37. The Committee recommends that the State party adopt the legislative measures necessary to ensure that, in accordance with article 24 (6) of the Convention, the legal situation of disappeared persons whose fate or whereabouts have not been clarified and that of their relatives is regularized in fields such as social welfare, family law and property rights, without the need to declare that the disappeared person is presumed dead. In this connection, the Committee encourages the State party to provide, by law, for the issuance of declarations of absence by reason of enforced disappearance.
Search for disappeared persons and return of remains
38. The Committee is concerned about the limited progress made in the search for disappeared persons whose whereabouts are not known and in the identification and return of remains. In addition, it regrets the lack of information on the existence of a system to allow for the immediate and urgent search for persons who might be subjected to enforced disappearance today. It also regrets that the establishment of a genetic database that offers all the guarantees provided for under the Convention has not been completed (arts. 19 and 24).
39. The Committee recommends that the State party intensify its efforts to search for, locate and release all disappeared persons and, in the event that they are found dead, to arrange for the dignified return of their remains. In particular, the State party should:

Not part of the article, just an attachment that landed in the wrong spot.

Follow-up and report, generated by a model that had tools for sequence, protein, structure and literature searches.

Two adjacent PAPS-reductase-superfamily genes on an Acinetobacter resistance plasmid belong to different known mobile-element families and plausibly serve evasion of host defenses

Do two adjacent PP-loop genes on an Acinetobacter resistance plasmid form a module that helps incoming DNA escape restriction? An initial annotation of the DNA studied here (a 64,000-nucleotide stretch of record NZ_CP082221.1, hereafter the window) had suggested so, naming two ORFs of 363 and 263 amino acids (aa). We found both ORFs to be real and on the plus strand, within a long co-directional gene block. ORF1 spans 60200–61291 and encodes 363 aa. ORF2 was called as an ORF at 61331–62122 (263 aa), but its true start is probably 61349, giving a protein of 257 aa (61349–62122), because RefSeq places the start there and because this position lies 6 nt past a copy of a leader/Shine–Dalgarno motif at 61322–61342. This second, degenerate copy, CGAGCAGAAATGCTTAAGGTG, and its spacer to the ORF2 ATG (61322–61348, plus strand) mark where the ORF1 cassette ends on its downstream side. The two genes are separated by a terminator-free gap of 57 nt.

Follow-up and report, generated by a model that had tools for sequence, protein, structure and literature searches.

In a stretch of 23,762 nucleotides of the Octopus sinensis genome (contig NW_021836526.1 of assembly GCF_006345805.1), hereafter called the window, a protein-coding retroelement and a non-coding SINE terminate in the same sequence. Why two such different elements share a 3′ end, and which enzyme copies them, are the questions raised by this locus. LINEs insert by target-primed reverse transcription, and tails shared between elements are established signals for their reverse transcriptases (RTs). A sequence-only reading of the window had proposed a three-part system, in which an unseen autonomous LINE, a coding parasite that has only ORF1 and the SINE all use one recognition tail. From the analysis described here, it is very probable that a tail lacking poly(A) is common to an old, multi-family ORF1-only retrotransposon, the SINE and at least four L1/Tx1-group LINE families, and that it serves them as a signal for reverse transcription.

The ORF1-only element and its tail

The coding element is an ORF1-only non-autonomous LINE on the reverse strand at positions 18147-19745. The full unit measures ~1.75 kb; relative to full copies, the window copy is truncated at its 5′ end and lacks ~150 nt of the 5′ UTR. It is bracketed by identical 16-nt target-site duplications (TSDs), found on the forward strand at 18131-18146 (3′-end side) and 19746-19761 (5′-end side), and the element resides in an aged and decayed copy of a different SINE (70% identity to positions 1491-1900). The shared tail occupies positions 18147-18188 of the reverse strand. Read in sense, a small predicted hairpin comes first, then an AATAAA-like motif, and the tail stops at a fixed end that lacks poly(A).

(a) Ensure in practice that, when a disappearance is reported, a search is initiated automatically, without delay;
(b) Ensure that the search is conducted by the competent authorities and that the relatives of the person concerned may take part in it if they so wish;
(c) Pursue its efforts to establish a genetic database to store genetic information on human remains that have been found so that it can be checked against the data of disappeared persons ’ relatives in order to facilitate their identification;
(d) Provide for effective coordination, cooperation and cross-checking of data between the agencies responsible for searching for disappeared persons and, in the event that such persons are found dead, for identifying their remains and returning them to their relatives.
Legislation concerning the wrongful removal of children
40.The Committee regrets that it has not received information on the measures in place under domestic law to prevent and punish the acts referred to in article 25 (1) of the Convention and to return the children referred to in article 25 (1) (a) to their families of origin (art. 25).
41. The Committee recommends that the State party:
(a) Review its criminal legislation with the aim of incorporating as specific offences the acts described in article 25 (1) of the Convention and of providing for appropriate penalties that take into account the extreme seriousness of the offences;
(b) Establish specific procedures for returning the children referred to in article 25 (1) (a) to their families of origin;
(c) Establish specific procedures for reviewing and, where appropriate, annulling any adoption, placement or guardianship that originated in an enforced disappearance and for re-establishing the true identity of the children concerned, taking into account the best interests of the child.